Police failures to properly test facial recognition technology could lead to black and minority ethnic people being falsely identified, campaigners says.
The BBC say that three opportunities in the past five years have been missed to truly ascertain how effective facial recognition AI systems cope with ethnicity.
Campaigners have come out in force against the problems the technology has experienced to date, with privacy rights group Big Brother Watch saying that the new techniques “must be dropped immediately.”
A number of police forces in Britain have been trialing new tech in automated systems that are designed to identify the faces of individuals whose faces are caught on camera, as they walk in day to day life.
While official documents show police are alert to the problems that ethnicity can cause the technology, no efforts have been made to improve the recognition systems.
While acknowledging the “invaluable tool” in the fight against crime that facial recognition represents, the Home Office said:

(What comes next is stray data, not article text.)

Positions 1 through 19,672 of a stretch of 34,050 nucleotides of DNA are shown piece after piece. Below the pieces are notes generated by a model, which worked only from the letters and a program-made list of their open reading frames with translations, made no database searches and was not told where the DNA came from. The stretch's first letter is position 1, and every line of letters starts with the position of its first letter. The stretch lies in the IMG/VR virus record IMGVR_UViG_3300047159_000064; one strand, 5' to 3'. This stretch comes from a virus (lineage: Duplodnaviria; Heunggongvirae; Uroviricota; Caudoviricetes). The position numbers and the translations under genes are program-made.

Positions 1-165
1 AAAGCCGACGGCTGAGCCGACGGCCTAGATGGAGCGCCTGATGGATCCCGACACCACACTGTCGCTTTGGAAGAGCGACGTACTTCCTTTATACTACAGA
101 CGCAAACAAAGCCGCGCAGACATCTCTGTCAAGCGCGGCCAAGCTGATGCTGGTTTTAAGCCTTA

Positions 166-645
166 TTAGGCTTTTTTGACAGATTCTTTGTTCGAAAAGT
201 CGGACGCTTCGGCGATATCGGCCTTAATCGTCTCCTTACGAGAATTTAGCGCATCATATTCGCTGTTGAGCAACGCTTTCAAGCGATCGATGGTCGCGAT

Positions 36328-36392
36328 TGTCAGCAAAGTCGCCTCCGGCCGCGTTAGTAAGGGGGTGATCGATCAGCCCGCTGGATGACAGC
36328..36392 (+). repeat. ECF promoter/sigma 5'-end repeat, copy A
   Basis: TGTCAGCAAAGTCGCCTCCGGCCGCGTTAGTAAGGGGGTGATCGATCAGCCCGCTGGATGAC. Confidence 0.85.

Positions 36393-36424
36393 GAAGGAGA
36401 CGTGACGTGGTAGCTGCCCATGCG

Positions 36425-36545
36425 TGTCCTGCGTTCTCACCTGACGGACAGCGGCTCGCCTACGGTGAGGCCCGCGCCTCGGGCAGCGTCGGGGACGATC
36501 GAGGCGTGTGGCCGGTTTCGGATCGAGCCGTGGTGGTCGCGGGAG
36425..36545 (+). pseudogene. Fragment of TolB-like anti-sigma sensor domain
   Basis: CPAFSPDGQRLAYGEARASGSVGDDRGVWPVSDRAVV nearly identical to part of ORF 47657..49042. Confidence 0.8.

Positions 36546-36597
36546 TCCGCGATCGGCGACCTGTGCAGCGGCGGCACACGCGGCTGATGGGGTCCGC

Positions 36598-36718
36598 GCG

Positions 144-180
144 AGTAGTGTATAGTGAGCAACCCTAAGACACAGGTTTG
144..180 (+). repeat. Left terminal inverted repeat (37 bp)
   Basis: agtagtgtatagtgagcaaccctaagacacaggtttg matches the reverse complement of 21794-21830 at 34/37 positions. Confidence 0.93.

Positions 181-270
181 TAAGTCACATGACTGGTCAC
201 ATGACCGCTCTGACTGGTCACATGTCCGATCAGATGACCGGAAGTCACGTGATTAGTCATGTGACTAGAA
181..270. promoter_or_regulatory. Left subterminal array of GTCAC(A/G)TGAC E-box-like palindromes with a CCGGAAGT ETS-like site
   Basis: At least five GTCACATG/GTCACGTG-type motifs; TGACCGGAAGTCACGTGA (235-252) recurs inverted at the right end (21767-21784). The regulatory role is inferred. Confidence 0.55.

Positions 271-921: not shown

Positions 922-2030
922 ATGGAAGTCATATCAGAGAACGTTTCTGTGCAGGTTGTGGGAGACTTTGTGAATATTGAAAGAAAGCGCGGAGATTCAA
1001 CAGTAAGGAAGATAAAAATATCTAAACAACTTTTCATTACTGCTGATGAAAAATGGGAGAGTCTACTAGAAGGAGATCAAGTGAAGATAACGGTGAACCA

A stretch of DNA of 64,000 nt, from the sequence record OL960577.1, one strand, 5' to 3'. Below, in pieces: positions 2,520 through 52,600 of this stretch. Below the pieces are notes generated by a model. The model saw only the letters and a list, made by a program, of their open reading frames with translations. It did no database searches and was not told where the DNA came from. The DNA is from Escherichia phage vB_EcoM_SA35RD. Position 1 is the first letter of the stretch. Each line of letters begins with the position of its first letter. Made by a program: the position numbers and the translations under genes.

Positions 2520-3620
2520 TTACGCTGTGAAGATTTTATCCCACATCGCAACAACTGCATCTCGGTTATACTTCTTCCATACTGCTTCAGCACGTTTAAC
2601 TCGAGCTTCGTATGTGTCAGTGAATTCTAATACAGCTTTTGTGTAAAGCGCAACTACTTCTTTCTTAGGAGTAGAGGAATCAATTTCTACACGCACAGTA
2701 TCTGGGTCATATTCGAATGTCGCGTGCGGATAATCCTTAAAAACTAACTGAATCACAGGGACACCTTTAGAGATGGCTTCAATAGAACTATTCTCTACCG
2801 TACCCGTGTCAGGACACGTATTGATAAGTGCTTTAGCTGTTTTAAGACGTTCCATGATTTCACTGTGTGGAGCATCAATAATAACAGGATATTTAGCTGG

“The technology continues to evolve, and the Home Office continues to keep its effectiveness under constant review.”
The concerns come as the software comes under fire for being targeted at mainly white faces. At a police working group, Durham Police Chief Constable, Mike Barton, said that “ethnicity can have an impact on search accuracy.”
Requests were made to the Canadian company behind the police’s facial image systems to look into the problems, but there remains no evidence to suggest follow ups were made.
Facial recognition was brought in for the Police National Database (PND) in 2014, which currently holds around 13 million faces. Privacy groups have been alarmed by the database because it holds images of individuals who have not committed an offence – a practice which a court decision ruled was unlawful in 2012.
Ethnicity tests could have been made last year, when Cardiff University held an assessment for police usage of the technology. However, the study stated that the tests were not made, due to “limited funds for the trial.”
Big Brother Watch director, Silkie Carlo, said:
“The police’s failure to do basic accuracy testing for race speaks volumes.
“Their wilful blindness to the risk of racism, and the risk to Brits’ rights as a whole, reflects the dangerously irresponsible way in which facial recognition has crept on to our streets. It must be dropped immediately.”
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